An industry trade group has found that at least 5.4 million Americans purchased a firearm for the first time in 2021 (pdf), based on retailer surveys and background checks, with one in three buyers being women.
Out of all firearm buyers, nearly 30 percent were first-timers. This is a decrease of 10 percent from 2020 when nearly 8.4 million people bought a gun for the first time out of 21 million background checks. Correspondingly, over 40 percent of new buyers were women in 2020, according to data (pdf) collected by The National Shooting Sports Foundation (NSSF).
“We welcome these new gun owners to the greater community of law-abiding Americans who choose to own a firearm for lawful purposes, including self-defense, recreational target shooting, and hunting,” said Joe Bartozzi, NSSF president and CEO in a Jan. 25 news release.
“The surveys revealed that new gun owners are continuing to embrace their Second Amendment rights and nearly half of them are seeking out professional training. These trends show that not only is there still a strong interest in gun ownership but also that these new gun owners are interested in learning more about the safe and responsible handling, use and storage of firearms.”
There were 22.8 percent return-buyers who came back after making their first purchase. Most of the people who bought a firearm for the first time were divided into the age groups: 30 and under (22.2 percent), 31–40 (27 percent), 41–50 (21.7 percent), 51–60 (13.8 percent) and over 60 (8.1 percent). In 2020, the most-purchased firearm was a semi-automatic handgun.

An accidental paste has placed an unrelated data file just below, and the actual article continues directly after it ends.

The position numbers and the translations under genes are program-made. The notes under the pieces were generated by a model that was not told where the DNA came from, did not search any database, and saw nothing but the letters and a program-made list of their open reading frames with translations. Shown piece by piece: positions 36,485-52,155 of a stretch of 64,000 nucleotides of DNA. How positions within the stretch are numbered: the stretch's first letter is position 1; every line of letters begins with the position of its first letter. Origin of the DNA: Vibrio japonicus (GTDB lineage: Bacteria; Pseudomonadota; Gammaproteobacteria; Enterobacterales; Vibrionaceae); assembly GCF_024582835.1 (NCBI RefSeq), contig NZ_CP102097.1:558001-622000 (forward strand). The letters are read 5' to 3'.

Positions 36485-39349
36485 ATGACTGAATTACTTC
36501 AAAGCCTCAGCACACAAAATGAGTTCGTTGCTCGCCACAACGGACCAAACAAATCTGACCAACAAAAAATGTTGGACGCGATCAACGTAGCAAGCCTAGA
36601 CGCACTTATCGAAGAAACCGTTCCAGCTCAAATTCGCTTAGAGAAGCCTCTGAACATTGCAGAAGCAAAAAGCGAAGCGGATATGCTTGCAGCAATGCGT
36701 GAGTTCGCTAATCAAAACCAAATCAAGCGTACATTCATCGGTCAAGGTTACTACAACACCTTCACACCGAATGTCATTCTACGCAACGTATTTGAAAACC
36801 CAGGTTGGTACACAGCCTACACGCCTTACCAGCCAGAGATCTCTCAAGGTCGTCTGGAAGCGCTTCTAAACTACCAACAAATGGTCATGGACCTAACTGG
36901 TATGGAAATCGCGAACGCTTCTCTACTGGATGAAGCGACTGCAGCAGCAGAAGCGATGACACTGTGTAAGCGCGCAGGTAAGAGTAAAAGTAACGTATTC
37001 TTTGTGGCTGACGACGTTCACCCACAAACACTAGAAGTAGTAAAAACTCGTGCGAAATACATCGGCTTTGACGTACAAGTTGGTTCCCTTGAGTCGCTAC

More than 40 percent of buyers wanted to undergo professional training while the organization discovered that there was a marked increase in all demographics who purchased firearms compared to the previous year.
Sixty point five percent of all retailers reported an increase in white Americans purchasing guns and ammunition. Forty-four point eight percent reported an uptick among black Americans, 36.9 percent for Hispanic, 27.1 percent for Asians, and 18.4 percent for Native Americans.
Fifty-seven percent of all gun buyers were white men, followed by white women who made up 14 percent. Black men made up 7.9 percent, while black women were 4.1 percent of buyers.
There was an increase of 58 percent among black Americans purchasing guns during 2020 when compared to pre-pandemic 2019 while it was 49 percent for Hispanics.
As more people purchase firearms, the diversity of gun owners is set to expand, leading to more active participation around political and social issues revolving around guns. The year 2021 was recorded as having the second-highest number of background checks ever for weapon sales.